History Of The Philippines

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The Philippines is a country in Southeast Asia that is between the Philippine Sea and the South China Sea and is east of Vietnam. It is slightly two times less then the area of Georgia. It is made up of 7107 islands and was under the control of the Spanish from 1521-1898 (CIA). Magellan was the first documented European to land in The Philippines. He sailed under the command of Spain and in 1521 landed in the Philippines placed a cross on the hill overlooking the sea and claimed the land for the King of Spain. After claiming the land, Magellan went on to try and from alliances with the native inhabitants of the islands (Zaide, 1999). This was a chaotic time that resulted in many wars. However, these conflicts were not the reason for the end …show more content…
At the conclusion of the war, the colony was taken up by the United States and held by the country until World War II. During the war, it lost the colony to Japan. The termination of the war concluded with Axis Powers losing and the Allies winning and brought the colony back under the control of the USA. The country did not hold on to the colony for long. Shortly after the war, The Treaty of Manila was signed. This led to the establishment of the Philippines as its own independent country (Schirmer, 1987). Although different countries colonized the Philippines, the country that left the most prevalent legacy in the country was Spain. They left a relatively beneficial legacy of culture, religion, and education that is still seen to this day in the daily lives of the Filipino …show more content…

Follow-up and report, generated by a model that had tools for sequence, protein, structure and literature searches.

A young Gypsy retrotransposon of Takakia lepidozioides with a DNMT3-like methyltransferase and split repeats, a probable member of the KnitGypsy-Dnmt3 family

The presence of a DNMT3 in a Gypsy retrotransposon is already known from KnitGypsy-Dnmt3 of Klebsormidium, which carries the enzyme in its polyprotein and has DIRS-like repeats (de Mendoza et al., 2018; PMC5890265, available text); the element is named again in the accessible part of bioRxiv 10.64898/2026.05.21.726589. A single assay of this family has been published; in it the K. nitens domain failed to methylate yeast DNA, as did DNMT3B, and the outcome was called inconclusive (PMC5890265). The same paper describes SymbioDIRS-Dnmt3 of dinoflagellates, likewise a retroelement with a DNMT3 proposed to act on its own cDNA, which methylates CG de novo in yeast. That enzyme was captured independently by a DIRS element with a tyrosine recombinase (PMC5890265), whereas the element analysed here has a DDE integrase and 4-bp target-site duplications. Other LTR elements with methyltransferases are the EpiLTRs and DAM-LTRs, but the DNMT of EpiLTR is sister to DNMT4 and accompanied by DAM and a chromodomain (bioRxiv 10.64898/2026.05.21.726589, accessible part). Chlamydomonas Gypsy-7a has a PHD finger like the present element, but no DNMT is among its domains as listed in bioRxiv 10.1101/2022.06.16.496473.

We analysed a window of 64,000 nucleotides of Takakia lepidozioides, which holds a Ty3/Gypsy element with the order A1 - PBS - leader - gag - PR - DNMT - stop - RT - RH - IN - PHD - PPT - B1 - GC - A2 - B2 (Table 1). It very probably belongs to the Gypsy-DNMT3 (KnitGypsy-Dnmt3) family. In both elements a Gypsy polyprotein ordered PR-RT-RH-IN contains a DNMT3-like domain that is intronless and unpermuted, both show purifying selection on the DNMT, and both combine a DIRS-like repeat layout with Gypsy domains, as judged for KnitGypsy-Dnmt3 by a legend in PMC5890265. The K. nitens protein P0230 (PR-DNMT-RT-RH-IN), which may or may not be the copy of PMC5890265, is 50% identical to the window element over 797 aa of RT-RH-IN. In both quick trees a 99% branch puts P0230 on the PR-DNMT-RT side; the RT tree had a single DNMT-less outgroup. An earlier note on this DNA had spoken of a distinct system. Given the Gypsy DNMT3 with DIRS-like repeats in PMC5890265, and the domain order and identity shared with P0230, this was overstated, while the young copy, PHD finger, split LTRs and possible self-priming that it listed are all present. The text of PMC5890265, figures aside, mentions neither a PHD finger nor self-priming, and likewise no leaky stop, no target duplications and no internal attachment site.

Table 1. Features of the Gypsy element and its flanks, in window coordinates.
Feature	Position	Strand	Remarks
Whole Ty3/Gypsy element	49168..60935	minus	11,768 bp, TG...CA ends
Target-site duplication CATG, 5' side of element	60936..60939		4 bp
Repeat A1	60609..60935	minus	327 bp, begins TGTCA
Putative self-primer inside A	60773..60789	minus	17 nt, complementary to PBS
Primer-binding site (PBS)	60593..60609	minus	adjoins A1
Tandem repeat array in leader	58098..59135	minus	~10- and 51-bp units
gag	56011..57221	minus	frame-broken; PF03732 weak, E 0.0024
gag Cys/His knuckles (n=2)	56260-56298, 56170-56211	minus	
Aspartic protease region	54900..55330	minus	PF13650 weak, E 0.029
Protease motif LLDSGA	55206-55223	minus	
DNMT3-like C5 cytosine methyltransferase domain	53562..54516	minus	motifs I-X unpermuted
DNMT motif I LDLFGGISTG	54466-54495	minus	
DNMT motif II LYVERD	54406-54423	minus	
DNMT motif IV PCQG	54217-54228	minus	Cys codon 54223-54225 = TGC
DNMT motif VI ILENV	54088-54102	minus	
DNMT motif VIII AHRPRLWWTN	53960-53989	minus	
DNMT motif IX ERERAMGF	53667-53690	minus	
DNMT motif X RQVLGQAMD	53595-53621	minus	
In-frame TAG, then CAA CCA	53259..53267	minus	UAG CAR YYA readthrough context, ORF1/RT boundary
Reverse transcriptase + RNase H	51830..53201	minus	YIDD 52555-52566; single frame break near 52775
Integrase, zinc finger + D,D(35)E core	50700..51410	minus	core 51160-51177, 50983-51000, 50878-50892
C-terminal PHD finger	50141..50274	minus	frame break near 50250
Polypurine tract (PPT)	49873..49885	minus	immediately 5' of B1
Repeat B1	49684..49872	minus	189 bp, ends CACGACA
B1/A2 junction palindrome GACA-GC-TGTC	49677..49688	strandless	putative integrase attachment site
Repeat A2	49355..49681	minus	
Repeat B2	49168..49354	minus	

The Spaniards highly valued education and were one of the first countries to employ public education. They brought this education to the Philippines and educated the individuals in the tribes. These individuals continued on with their education and helped the country grow and thrive. One way that a legacy can be seen in the department of education is through the strong nationalism that is present in Filipinos. They are known for being a highly proud nation, being so educated contributed to this. Aside from this the Spaniards built colleges and schools in the Philippines two of these schools were the University of Santo Tomas and the University of San Carlos. These university’s still exist today and are two of the most respected universities and are popular universities that students compete to get into. From these schools remaining highly successful, the Spanish legacy continued on in the Colony (Rafael,

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